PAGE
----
E3S Web of Conferences
Volume 1, 2013Proceedings of the 16th International Conference on Heavy Metals in the Environment
|Number of page(s)||4|
|Section||Heavy Metals in the Atmosphere II: “Global/Continental/Oceanic Scales”|
|Published online||23 April 2013|
Explaining trends in tropospheric mercury using global modeling
1 Engineering Systems Division and Department of Earth, Atmospheric and Planetary Sciences, Massachusetts Institute of Technology, Cambridge, MA, USA
2 Department of Earth, Atmospheric and Planetary Sciences, Massachusetts Institute of Technology, Cambridge, MA, USA
Multiple observational analyses have identified a decreasing trend over the past decade in surface concentrations of gaseous elemental mercury (GEM), from sites in both the Northern and Southern hemisphere. We use two model-based approaches to identify sets of parameters that could quantitatively explain observed trends in mercury. Using a 12-box model, we quantify which combinations of factors including changes in anthropogenic emissions, oceanic and land evasion, and atmospheric oxidation rates that can explain observed tropospheric mercury decreases. We then use the GEOS-Chem chemical transport model to further examine source attribution at measurement sites where decreasing trends have been observed. We combine these analyses to generate quantitative hypotheses to explain observed trends. We suggest that the tropospheric decline may be best explained by multiple, reinforcing factors.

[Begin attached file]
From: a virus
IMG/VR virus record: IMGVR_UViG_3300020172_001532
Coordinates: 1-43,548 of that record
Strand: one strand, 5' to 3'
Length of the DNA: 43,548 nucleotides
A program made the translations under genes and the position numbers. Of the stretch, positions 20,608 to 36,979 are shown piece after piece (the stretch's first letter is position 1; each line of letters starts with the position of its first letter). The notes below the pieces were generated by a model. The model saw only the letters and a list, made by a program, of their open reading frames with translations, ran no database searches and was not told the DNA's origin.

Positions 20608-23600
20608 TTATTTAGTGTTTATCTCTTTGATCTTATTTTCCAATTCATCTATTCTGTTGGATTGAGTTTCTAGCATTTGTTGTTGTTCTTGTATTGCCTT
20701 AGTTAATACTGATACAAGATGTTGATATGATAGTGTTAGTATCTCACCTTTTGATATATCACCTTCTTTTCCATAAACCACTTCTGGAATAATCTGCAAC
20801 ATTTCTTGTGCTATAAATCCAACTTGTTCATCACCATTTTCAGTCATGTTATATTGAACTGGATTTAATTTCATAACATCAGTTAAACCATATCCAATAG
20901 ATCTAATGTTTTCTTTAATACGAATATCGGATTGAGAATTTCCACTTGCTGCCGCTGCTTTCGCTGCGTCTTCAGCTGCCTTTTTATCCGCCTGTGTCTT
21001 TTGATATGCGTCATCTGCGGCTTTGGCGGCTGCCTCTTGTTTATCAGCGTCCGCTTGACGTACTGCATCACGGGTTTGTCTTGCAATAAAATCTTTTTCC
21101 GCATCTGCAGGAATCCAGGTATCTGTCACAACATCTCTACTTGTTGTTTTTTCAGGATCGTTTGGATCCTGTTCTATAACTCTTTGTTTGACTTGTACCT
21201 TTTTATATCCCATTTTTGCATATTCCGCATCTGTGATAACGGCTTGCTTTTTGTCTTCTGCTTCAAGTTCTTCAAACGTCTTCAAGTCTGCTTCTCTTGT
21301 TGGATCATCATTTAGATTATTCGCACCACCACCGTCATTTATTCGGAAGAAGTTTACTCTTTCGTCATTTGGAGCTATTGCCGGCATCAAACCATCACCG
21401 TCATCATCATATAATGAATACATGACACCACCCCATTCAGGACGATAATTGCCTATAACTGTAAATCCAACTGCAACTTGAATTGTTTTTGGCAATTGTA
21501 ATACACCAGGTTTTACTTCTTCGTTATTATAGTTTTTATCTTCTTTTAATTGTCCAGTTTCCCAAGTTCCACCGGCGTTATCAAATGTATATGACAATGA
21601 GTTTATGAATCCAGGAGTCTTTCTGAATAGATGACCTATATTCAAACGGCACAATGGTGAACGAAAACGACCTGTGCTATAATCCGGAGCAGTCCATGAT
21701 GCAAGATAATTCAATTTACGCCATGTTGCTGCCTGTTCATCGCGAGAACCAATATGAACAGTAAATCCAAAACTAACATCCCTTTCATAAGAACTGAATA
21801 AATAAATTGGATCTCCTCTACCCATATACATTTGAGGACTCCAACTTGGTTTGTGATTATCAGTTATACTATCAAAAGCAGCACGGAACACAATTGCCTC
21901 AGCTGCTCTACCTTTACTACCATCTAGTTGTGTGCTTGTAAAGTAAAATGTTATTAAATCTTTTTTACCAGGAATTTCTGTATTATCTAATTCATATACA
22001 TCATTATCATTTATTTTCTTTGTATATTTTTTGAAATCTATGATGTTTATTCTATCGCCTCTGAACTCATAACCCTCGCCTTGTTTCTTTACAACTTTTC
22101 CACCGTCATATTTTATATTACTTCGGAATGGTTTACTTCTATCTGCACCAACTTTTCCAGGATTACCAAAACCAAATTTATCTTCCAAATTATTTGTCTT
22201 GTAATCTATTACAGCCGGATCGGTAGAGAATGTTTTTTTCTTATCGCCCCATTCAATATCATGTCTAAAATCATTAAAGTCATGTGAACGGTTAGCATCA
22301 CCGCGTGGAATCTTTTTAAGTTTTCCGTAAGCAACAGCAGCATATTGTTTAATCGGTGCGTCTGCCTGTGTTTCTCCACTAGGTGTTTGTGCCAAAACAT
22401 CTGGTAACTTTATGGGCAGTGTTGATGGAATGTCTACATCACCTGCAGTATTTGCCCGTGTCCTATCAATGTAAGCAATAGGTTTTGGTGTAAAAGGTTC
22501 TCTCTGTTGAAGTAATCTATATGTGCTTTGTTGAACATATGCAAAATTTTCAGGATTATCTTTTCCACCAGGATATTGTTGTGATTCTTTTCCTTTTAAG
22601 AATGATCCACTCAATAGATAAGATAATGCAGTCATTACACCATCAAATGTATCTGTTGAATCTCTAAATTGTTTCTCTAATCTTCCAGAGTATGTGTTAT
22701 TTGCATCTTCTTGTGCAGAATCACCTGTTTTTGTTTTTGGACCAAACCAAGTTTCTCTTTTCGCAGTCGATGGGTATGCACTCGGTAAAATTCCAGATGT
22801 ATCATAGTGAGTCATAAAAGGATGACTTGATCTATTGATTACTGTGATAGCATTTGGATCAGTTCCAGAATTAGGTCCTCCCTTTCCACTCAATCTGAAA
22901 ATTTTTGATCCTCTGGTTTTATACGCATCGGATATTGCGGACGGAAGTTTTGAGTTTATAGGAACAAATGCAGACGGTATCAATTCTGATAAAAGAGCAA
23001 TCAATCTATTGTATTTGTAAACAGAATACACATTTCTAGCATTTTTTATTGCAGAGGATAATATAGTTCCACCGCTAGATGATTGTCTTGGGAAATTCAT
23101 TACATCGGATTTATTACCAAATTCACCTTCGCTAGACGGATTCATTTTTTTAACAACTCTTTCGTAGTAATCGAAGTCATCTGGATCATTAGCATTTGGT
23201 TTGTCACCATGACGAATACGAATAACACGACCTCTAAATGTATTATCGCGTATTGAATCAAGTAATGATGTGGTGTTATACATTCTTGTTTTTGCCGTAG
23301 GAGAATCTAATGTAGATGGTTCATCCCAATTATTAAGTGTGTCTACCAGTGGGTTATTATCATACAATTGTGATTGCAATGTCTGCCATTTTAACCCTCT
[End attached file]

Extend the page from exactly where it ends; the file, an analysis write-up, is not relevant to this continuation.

Key words: tropospheric mercury / global mercury cycle / box model / global model / trends / sensitivity
© Owned by the authors, published by EDP Sciences, 2013
This is an Open Access article distributed under the terms of the Creative Commons Attribution License 2.0, which permits unrestricted use, distribution, and reproduction in any medium, provided the original work is properly cited.
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